Beginning with an ominous drone that pans from left to right and quickly fades out, the track then gets to a crawling start carried by an unsettling groove led by an intense but very slack bass line that oozes from one note to the other. E comes in with a light falsetto vocal after, but over the dark bass line and overall atmosphere still isn’t able to to make the track less dissonant than it already is. The style changes during the choruses where cute xylophones and backwards slide guitars enter the mix; those only appear for a short time before returning to the grungy sound again.
Only five minutes into the album, the listener is already provided with two tracks that sound the complete opposite to one another. Though the first hints at the unsettling feel with light music and heavy lyrics, “Going to Your Funeral Part I” really hits it home.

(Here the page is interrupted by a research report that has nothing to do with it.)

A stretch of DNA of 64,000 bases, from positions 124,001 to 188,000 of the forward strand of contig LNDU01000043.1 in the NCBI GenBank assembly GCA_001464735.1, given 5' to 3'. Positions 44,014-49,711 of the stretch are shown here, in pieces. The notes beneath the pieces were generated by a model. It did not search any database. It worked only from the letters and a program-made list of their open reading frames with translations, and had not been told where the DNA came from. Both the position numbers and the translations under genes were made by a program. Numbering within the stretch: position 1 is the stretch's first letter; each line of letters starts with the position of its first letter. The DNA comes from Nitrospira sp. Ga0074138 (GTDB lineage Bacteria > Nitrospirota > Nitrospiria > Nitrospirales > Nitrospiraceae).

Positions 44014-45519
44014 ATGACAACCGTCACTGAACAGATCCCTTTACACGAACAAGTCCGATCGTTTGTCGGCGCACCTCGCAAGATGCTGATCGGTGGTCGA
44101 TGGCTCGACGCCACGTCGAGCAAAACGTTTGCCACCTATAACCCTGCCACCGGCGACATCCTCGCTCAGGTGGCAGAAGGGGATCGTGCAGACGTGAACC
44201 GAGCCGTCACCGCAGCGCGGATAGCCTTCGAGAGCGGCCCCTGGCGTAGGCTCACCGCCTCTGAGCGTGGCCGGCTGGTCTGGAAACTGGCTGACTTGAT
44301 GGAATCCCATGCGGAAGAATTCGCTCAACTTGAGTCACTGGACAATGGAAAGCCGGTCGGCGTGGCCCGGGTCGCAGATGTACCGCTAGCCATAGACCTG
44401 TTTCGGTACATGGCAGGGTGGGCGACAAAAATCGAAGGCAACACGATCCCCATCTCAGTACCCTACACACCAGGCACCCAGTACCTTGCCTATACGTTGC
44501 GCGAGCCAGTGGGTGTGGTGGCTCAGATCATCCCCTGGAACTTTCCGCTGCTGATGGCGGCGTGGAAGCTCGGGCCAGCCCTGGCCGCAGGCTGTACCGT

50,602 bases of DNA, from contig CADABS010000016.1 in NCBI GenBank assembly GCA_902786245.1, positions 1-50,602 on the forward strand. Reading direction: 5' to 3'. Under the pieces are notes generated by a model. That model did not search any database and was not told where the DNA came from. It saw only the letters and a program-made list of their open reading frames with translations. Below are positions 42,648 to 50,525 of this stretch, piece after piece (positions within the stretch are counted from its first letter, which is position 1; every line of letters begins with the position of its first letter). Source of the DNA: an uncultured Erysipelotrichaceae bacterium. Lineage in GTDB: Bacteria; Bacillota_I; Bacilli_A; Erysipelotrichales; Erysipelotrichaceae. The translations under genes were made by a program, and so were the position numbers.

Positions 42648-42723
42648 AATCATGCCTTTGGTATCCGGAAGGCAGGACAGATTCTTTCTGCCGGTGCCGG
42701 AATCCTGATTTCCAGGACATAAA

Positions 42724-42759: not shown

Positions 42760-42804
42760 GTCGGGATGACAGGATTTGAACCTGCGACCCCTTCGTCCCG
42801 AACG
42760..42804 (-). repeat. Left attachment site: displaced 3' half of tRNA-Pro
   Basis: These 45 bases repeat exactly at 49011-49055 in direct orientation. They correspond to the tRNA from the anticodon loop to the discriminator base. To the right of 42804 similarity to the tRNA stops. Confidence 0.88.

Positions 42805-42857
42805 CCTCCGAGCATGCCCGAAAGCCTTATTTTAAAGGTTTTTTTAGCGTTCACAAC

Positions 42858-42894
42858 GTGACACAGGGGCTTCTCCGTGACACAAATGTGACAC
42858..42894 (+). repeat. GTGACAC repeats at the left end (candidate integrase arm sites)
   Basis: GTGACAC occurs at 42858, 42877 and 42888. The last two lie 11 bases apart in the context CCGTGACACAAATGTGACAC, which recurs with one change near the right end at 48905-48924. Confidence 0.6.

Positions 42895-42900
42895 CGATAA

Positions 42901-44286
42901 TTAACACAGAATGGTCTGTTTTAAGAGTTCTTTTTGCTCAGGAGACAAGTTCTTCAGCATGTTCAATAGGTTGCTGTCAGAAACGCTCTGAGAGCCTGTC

If you want to know why it’s specifically labelled as “Part I”, here is “Part II”.
“God Put a Smile upon Your Face” is a track from Coldplay’s 2003 album A Rush of Blood to the Head, one which built upon the sound that the group had established with their preceding debut Parachutes. The former album contains some of Coldplay’s highly rated songs from “The Scientist” to “In My Place”. But I feel “God Put a Smile” doesn’t get much love as those, or any of the other tracks in Coldplay’s vast catalogue. Releasing it as a proper single in only a few regions may have something to do with that.
Starting off with Chris Martin singing the first verse with an sinister acoustic riff to set the ball rolling, the track picks up with a cool bass groove and steady beat with little guitar licks added by Jonny Buckland for effect. There’s something about this track that I think makes it have an edge over a few others. I think it’s quite a dark song. I know that ‘dark’ isn’t an adjective that you would normally associate with a band such as Coldplay. It just has that dissonant tone about it. The music video maybe reinforces this idea.